120. Masui T, Hosotani R, Tsuji S, Miyamoto Y, Yasuda S, Ida J, Nakajima S, Kawaguchi M, Kobayashi H, Koizumi M. et al. Expression of METH-1 and METH-2 in pancreatic cancer. Clin Cancer Res. 2001;7:3437-3443
121. Iversen LF, Kastrup JS, Bjorn SE, Rasmussen PB, Wiberg FC, Flodgaard HJ, Larsen IK. Structure of HBP, a multifunctional protein with a serine proteinase fold. Nat Struct Biol. 1997;4:265-268
122. Linder A, Soehnlein O, Akesson P. Roles of heparin-binding protein in bacterial infections. J Innate Immun. 2010;2:431-438
123. Olofsson AM, Vestberg M, Herwald H, Rygaard J, David G, Arfors KE, Linde V, Flodgaard H, Dedio J, Muller-Esterl W, Lundgren-Akerlund E. Heparin-binding protein targeted to mitochondrial compartments protects endothelial cells from apoptosis. J Clin Invest. 1999;104:885-894
124. Wang L, Liu Z, Dong Z, Pan J, Ma X. Azurocidin-induced inhibition of oxygen metabolism in mitochondria is antagonized by heparin. Exp Ther Med. 2014;8:1473-1478
125. Siegel RL, Miller KD, Jemal A. Cancer statistics, 2015. CA Cancer J Clin. 2015;65:5-29
126. Hess KR, Abbruzzese JL. Matrix metalloproteinase inhibition of pancreatic cancer: matching mechanism of action to clinical trial design. J Clin Oncol. 2001;19:3445-3446
127. Saif MW. Anti-angiogenesis therapy in pancreatic carcinoma. JOP. 2006;7:163-173
128. Coussens LM, Fingleton B, Matrisian LM. Matrix metalloproteinase inhibitors and cancer: trials and tribulations. Science. 2002;295:2387-2392
129. McCawley LJ, Matrisian LM. Matrix metalloproteinases: they're not just for matrix anymore!. Curr Opin Cell Biol. 2001;13:534-540
130. Hamano Y, Zeisberg M, Sugimoto H, Lively JC, Maeshima Y, Yang C, Hynes RO, Werb Z, Sudhakar A, Kalluri R. Physiological levels of tumstatin, a fragment of collagen IV alpha3 chain, are generated by MMP-9 proteolysis and suppress angiogenesis via alphaV beta3 integrin. Cancer Cell. 2003;3:589-601
131. Dufour A, Sampson NS, Zucker S, Cao J. Role of the hemopexin domain of matrix metalloproteinases in cell migration. J Cell Physiol. 2008;217:643-651
132. Dufour A, Zucker S, Sampson NS, Kuscu C, Cao J. Role of matrix metalloproteinase-9 dimers in cell migration: design of inhibitory peptides. J Biol Chem. 2010;285:35944-35956
133. Redondo-Munoz J, Ugarte-Berzal E, Terol MJ, Van den Steen PE, Hernandez del Cerro M, Roderfeld M, Roeb E, Opdenakker G, Garcia-Marco JA, Garcia-Pardo A. Matrix metalloproteinase-9 promotes chronic lymphocytic leukemia b cell survival through its hemopexin domain. Cancer Cell. 2010;17:160-172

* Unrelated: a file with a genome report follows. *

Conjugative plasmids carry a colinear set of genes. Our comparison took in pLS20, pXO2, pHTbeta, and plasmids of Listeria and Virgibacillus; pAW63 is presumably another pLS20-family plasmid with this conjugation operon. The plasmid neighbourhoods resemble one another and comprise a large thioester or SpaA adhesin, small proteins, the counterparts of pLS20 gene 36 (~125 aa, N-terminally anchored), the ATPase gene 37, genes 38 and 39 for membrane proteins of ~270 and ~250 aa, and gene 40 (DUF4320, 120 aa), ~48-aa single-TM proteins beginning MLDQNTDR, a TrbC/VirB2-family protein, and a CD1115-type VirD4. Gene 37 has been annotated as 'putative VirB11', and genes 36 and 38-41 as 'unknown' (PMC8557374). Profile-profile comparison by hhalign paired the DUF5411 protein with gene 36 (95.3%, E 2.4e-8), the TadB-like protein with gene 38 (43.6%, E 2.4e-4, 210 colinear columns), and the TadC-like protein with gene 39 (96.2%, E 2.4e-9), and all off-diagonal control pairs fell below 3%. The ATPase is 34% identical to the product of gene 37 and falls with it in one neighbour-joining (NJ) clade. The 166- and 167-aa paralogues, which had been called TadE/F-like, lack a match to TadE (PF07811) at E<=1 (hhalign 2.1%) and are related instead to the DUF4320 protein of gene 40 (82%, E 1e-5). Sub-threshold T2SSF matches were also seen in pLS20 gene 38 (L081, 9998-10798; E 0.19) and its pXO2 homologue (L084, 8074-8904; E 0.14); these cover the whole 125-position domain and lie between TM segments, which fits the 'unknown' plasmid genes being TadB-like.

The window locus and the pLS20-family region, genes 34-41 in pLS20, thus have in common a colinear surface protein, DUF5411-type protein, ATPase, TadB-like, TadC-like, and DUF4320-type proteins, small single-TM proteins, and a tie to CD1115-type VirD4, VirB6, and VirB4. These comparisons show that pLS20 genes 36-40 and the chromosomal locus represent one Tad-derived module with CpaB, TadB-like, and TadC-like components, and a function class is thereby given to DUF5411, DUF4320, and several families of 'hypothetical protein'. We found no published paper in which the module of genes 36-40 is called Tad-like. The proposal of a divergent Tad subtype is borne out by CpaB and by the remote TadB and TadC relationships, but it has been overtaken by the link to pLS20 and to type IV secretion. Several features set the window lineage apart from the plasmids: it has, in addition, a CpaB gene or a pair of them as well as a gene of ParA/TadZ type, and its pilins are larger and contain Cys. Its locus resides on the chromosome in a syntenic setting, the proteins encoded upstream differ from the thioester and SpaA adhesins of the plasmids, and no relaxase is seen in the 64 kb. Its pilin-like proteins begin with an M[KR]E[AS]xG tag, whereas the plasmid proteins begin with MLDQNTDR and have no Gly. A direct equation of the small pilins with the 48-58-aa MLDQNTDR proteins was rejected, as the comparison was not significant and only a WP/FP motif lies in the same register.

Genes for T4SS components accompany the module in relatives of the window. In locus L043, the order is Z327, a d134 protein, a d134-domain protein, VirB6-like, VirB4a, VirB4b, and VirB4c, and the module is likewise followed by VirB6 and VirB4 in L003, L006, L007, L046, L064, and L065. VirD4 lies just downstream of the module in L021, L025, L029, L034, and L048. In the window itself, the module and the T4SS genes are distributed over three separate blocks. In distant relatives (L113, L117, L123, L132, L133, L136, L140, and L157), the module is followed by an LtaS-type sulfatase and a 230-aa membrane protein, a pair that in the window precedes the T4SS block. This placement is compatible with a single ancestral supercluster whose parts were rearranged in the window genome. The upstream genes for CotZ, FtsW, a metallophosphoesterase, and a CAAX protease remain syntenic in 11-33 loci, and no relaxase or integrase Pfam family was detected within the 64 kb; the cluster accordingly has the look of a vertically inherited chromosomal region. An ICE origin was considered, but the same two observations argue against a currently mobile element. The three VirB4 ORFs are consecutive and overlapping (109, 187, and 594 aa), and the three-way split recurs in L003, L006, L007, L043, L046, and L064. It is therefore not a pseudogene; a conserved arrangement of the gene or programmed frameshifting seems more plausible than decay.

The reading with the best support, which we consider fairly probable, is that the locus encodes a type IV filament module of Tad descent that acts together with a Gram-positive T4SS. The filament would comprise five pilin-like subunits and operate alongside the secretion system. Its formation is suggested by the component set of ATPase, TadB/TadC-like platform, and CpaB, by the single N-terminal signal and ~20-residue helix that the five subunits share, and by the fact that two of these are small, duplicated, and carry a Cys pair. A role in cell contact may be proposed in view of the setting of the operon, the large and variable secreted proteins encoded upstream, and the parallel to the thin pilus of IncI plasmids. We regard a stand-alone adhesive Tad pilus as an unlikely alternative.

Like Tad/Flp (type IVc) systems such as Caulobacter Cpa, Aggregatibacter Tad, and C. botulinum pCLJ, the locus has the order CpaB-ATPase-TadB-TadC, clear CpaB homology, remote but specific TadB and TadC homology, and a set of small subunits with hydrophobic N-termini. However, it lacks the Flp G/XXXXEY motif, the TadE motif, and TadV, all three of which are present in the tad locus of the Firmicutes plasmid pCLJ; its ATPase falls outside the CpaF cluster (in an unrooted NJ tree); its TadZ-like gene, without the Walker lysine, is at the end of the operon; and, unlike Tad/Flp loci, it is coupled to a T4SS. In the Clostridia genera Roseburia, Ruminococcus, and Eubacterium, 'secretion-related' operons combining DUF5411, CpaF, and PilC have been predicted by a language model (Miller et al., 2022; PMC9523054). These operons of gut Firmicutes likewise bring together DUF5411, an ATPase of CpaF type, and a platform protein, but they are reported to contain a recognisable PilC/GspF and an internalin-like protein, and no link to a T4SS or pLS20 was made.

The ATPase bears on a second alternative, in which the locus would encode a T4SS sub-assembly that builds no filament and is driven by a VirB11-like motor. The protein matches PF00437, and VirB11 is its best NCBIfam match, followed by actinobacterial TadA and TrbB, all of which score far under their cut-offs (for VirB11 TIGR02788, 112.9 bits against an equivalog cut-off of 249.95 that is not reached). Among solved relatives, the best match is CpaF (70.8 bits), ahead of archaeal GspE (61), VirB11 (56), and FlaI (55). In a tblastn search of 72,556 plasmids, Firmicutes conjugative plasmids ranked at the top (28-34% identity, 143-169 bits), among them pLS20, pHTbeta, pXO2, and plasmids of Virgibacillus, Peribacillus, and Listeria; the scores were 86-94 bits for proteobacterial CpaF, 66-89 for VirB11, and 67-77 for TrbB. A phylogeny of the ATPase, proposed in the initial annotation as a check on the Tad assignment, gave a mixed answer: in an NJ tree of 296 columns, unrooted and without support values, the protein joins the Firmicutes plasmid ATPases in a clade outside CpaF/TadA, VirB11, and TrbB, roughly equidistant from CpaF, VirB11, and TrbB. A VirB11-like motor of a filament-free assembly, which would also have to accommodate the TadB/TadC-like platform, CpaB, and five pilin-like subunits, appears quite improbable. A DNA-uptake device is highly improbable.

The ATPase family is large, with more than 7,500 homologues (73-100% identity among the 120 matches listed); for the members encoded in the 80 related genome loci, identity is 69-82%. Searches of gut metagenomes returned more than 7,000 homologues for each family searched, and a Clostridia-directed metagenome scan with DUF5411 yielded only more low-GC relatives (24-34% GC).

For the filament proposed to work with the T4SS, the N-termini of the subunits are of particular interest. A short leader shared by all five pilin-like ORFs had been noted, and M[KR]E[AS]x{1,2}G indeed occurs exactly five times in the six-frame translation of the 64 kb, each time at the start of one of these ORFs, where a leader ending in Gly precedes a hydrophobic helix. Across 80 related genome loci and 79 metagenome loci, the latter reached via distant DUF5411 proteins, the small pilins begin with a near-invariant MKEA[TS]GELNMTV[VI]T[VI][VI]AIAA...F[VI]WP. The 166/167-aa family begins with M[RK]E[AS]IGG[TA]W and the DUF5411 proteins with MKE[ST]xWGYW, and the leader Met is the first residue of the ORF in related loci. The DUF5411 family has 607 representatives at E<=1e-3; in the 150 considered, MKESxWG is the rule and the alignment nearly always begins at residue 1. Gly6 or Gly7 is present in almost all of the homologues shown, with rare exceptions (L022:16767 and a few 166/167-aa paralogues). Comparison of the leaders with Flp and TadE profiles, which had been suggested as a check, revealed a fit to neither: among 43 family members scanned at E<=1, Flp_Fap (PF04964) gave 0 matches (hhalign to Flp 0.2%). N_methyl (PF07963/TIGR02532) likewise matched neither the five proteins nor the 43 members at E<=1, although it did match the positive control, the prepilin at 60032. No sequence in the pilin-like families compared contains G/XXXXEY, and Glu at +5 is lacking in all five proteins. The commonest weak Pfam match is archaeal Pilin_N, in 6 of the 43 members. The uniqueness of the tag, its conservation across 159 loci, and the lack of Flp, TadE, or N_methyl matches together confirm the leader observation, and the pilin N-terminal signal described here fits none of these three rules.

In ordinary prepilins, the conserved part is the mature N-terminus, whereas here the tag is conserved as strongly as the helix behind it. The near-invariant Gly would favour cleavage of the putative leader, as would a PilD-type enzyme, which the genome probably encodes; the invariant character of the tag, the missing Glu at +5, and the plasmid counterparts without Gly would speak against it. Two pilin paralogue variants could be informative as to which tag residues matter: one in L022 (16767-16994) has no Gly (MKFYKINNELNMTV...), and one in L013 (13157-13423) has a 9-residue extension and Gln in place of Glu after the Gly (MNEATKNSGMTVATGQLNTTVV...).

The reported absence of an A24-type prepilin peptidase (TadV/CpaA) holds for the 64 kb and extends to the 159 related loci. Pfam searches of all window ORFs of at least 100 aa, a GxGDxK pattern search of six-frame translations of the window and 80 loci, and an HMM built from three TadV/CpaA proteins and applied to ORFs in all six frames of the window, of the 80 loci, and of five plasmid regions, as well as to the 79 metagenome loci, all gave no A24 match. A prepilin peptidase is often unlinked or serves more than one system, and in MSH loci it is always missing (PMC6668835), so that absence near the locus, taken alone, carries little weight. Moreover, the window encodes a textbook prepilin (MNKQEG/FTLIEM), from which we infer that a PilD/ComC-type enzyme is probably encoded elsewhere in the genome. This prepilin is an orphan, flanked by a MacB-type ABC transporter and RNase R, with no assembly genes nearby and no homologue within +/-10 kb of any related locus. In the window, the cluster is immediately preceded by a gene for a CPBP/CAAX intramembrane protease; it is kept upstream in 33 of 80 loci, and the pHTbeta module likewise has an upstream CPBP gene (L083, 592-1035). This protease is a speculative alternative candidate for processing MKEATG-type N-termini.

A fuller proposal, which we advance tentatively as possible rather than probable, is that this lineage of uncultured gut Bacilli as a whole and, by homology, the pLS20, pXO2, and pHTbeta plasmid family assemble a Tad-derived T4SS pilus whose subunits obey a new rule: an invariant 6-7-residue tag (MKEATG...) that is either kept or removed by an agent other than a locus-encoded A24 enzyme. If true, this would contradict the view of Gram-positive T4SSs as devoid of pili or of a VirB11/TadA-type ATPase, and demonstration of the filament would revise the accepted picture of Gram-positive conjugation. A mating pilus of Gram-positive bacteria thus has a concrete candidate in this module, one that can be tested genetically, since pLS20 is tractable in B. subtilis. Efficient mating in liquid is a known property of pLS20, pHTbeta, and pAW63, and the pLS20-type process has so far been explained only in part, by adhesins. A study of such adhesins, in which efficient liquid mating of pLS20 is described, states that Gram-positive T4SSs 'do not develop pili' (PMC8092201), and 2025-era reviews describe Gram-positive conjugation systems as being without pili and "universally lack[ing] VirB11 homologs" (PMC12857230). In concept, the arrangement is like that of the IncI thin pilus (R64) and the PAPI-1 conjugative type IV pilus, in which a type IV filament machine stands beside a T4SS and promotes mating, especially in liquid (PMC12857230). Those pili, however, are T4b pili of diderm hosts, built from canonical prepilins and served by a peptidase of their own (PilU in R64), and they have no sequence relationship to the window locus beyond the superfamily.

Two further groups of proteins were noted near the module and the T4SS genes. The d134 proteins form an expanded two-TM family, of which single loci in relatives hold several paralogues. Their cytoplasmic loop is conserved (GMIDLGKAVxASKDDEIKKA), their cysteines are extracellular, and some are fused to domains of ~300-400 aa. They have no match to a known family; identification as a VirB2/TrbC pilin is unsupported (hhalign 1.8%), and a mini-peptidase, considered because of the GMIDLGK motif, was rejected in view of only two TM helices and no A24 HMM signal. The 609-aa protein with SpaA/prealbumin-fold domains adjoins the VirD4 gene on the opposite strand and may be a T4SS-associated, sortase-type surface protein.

134. Funel N, Costa F, Pettinari L, Taddeo A, Sala A, Chiriva-Internati M, Cobos E, Colombo G, Milzani A, Campani D. et al. Ukrain affects pancreas cancer cell phenotype in vitro by targeting MMP-9 and intra-/extracellular SPARC expression. Pancreatology. 2010;10:545-552
135. Dufour A, Sampson NS, Li J, Kuscu C, Rizzo RC, Deleon JL, Zhi J, Jaber N, Liu E, Zucker S, Cao J. Small-molecule anticancer compounds selectively target the hemopexin domain of matrix metalloproteinase-9. Cancer Res. 2011;71:4977-4988
136. Moroy G, Alix AJ, Sapi J, Hornebeck W, Bourguet E. Neutrophil elastase as a target in lung cancer. Anticancer Agents Med Chem. 2012;12:565-579
137. Houghton AM, Rzymkiewicz DM, Ji H, Gregory AD, Egea EE, Metz HE, Stolz DB, Land SR, Marconcini LA, Kliment CR. et al. Neutrophil elastase-mediated degradation of IRS-1 accelerates lung tumor growth. Nat Med. 2010;16:219-223
138. Cuniasse P, Devel L, Makaritis A, Beau F, Georgiadis D, Matziari M, Yiotakis A, Dive V. Future challenges facing the development of specific active-site-directed synthetic inhibitors of MMPs. Biochimie. 2005;87:393-402
139. Fridman JS, Caulder E, Hansbury M, Liu X, Yang G, Wang Q, Lo Y, Zhou BB, Pan M, Thomas SM. et al. Selective inhibition of ADAM metalloproteases as a novel approach for modulating ErbB pathways in cancer. Clin Cancer Res. 2007;13:1892-1902
140. Ardito CM, Gruner BM, Takeuchi KK, Lubeseder-Martellato C, Teichmann N, Mazur PK, Delgiorno KE, Carpenter ES, Halbrook CJ, Hall JC. et al. EGF receptor is required for KRAS-induced pancreatic tumorigenesis. Cancer Cell. 2012;22:304-317
Corresponding author: Klaus Felix, Ph.D. Department of General Surgery, University of Heidelberg, Im Neuenheimer Feld 110, D - 69120 Heidelberg, Germany. Tel: +49-6221 566439, Fax: +49-6221 564830, E-mail: klaus.felixuni-heidelberg.de